There was movement last week on two California bills that we have been tracking closely and which could substantially alter the lending and brokering landscape under the California Financing Law (“CFL”).

On July 9th, AB-539, which proposes to cap interest rates at 36% plus the federal funds rate on CFL loans of $2,500 to $10,000, passed the Senate Committee on Judiciary and was sent to the Appropriations Committee where we believe the bill will be heard around the end of August.… Continue Reading

AB 539 was cleared by the California Senate’s Banking Committee on June 26.  The bill would change several aspects of the California Financing Law (CFL), including by setting new interest rate caps, imposing new rules governing loan duration, and prohibiting prepayment penalties.  For example, while the CFL does not set a maximum interest rate on loans of $2,500 or more, AB 539 would cap the interest rate at 36% plus the federal funds rate on loans of $2,500 or more but less than $10,000.… Continue Reading

Last week, Senator Dick Durbin, D-Ill., reintroduced a bill, the “Protecting Consumers From Unreasonable Credit Rates Act of 2019,” that would create a national interest-rate cap of 36% on consumer loans. The legislation would make all open-end and closed-end consumer credit transactions, including mortgages, car loans, and payday loans, subject to a 36% APR limit.… Continue Reading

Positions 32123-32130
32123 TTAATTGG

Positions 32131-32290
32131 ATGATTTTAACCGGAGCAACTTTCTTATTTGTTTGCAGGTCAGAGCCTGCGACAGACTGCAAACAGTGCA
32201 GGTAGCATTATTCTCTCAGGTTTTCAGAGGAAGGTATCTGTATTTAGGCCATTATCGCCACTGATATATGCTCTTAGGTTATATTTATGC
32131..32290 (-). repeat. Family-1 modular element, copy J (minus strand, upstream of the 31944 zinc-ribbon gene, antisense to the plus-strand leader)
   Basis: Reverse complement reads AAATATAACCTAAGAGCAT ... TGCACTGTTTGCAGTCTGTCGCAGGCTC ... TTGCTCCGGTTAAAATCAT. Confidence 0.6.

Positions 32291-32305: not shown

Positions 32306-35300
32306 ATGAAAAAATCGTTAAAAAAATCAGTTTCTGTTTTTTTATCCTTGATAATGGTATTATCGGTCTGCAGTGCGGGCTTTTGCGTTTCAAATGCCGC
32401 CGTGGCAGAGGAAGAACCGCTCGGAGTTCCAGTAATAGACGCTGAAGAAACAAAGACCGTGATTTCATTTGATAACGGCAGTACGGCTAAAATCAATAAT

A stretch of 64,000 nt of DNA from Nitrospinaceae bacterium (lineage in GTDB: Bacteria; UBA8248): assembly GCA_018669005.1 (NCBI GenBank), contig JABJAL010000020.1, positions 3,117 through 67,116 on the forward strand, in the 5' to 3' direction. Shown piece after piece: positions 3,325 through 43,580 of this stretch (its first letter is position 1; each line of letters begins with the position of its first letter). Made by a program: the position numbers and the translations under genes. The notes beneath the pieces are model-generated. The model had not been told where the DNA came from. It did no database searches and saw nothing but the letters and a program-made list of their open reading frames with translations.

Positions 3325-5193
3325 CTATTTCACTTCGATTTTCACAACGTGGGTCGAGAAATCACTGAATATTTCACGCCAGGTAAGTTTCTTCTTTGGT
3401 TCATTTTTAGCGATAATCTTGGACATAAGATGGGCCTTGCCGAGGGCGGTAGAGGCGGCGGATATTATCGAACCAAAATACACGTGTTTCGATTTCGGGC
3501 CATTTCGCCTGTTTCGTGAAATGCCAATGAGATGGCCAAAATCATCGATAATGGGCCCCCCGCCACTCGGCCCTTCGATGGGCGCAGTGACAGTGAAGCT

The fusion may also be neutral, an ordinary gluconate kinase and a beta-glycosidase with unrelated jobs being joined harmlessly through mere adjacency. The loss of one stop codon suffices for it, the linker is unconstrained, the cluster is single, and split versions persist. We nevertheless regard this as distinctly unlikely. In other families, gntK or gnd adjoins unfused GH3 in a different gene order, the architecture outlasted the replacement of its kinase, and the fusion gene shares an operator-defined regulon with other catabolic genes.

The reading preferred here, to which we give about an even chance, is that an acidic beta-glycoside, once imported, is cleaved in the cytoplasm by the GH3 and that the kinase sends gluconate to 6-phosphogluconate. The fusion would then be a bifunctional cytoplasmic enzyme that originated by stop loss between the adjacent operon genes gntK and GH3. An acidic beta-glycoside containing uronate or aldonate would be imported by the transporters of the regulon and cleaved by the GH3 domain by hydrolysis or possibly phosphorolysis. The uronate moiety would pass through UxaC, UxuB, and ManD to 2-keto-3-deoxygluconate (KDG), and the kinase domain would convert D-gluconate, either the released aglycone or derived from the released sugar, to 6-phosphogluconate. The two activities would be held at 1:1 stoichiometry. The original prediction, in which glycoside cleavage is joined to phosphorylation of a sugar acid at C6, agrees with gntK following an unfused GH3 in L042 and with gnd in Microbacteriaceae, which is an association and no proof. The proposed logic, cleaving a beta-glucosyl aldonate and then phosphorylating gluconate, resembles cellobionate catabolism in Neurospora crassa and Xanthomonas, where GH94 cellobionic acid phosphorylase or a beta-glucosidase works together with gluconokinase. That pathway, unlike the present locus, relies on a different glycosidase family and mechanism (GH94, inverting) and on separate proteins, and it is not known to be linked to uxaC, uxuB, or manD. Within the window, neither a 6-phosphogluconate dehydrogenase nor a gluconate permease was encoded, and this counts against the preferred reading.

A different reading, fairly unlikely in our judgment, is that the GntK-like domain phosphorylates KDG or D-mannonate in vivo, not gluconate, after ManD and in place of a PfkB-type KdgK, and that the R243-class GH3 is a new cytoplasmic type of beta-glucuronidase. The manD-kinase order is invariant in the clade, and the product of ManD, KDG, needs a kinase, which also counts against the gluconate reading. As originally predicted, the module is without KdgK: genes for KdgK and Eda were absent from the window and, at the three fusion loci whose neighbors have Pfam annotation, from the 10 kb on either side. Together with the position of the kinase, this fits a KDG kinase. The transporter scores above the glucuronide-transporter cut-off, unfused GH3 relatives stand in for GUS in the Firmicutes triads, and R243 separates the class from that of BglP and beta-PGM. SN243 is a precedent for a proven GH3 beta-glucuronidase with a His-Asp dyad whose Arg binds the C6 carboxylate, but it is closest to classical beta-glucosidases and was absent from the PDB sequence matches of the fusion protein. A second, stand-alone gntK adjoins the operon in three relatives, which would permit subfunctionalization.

Last week, in a move intended to lower interest rates on federal student loans, the U.S. House of Representatives passed the Bipartisan Student Loan Certainty Act , which had previously been passed by the Senate.  The Act changes the interest rates for federal student loans other than Perkins Loans made on or after July 1, 2013. … Continue Reading